How to Reduce Your Taxable Income

Pay less taxes

Retirement Savings Plan 401(k), 403(b)

This type of account is an employer sponsor savings plan.

Yor 401k contributions directly reduce your taxable income and the taxes you owe.

For more in-depth information about 401k read my Complete Retirement Guide to 401k For Beginners

A 401k account is also known as 403(b) in the public sector such as hospitals, universities and government agencies.

The maximum limit contribution for 2019 was $19,000.

If you are age 50+ you were allowed to contribute an extra $6,000.

The IRS just announced the contribution limit increase for 2020.

The Contribution Limits for 401(k), and 403(b) Plans in 2020 is as Follows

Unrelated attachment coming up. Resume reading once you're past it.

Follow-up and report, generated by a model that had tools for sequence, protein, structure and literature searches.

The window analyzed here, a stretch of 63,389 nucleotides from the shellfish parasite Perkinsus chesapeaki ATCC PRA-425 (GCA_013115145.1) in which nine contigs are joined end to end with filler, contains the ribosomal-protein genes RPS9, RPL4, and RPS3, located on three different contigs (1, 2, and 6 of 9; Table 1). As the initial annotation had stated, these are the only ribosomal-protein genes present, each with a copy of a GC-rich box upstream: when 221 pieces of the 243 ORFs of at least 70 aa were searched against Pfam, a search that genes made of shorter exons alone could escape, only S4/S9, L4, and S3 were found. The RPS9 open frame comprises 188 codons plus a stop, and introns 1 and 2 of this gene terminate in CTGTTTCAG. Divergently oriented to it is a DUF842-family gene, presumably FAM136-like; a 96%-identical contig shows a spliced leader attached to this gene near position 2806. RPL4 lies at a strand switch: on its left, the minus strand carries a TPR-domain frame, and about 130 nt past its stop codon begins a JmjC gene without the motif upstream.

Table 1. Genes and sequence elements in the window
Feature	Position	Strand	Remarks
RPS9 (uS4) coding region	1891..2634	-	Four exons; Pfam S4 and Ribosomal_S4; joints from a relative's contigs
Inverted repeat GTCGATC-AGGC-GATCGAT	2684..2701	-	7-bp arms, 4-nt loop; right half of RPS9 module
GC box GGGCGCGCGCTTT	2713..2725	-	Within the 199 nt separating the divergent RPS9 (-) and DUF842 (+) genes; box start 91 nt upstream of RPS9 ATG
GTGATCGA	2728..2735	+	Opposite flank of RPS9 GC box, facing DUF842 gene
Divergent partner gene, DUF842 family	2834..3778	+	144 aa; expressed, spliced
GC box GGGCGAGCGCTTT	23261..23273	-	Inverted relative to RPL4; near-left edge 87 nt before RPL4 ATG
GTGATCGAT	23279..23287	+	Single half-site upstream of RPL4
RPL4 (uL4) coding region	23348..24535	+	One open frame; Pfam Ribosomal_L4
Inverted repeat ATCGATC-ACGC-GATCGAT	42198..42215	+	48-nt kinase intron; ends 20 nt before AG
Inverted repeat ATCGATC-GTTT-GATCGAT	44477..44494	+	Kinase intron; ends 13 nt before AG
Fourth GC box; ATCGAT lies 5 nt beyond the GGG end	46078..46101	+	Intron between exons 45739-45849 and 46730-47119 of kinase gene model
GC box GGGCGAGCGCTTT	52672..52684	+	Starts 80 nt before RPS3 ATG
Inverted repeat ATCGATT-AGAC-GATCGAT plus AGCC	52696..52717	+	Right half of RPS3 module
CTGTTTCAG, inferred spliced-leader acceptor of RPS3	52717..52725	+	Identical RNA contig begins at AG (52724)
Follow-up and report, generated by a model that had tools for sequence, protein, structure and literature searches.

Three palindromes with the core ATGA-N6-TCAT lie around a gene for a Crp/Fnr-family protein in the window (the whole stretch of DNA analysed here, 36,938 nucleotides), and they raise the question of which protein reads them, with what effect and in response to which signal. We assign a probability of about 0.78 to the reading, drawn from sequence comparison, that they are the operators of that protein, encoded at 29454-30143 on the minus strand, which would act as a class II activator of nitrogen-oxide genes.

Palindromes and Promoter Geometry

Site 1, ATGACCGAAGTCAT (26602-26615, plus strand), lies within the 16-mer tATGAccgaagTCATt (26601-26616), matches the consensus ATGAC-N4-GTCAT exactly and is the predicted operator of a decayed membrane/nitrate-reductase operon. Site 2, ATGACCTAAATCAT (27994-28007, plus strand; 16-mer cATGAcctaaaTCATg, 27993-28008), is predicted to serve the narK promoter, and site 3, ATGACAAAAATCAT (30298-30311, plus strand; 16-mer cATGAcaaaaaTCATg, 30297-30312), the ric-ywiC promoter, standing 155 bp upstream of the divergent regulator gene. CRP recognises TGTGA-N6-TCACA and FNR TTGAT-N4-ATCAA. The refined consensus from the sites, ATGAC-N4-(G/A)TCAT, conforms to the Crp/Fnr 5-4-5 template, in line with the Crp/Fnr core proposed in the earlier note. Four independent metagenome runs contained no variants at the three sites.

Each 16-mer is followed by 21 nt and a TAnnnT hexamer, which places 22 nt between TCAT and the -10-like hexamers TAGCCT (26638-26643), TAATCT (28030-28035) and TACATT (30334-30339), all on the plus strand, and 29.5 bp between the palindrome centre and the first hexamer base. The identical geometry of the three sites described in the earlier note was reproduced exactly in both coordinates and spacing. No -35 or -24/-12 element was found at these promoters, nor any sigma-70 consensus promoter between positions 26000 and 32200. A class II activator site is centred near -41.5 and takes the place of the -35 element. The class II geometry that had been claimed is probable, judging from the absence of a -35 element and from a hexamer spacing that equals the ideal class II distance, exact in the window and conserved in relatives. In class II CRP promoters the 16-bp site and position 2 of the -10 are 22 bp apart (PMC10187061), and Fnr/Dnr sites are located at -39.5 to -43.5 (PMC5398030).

• $19,500 (an increase of $500 from the $19,000 limit in 2019)
  • $6,500 – The catch-up contribution limit for ages 50 and over (an increase of $500 from the $6,000 limit in 2019)

The cool thing about 401(k) is that the money you contribute is taken out of your paycheck before taxes are deducted.

Also, you get to lower your taxable income by the money amount of your contributions…say whaaat?!!

For example, if you max out your 401k contribution, you will be able to reduce your taxable income by $19,500 (in 2020).

But wait… if you are age 50 or more you have even greater savings.

You will be able to reduce your taxable income by $26,000 (in 2020).

AgeMax ContributionSavings 32% tax bracketSavings 24% tax bracketSavings 22% tax bracketSavings 12% tax bracket
49 and below$19,500$6,200$4,680$4,290$2,340
50 and above$26,000$8,320$6,240$5,720$3,120

Just by making the maximum contribution to a 401k you will be able to reduce your taxes AND save money at the same time.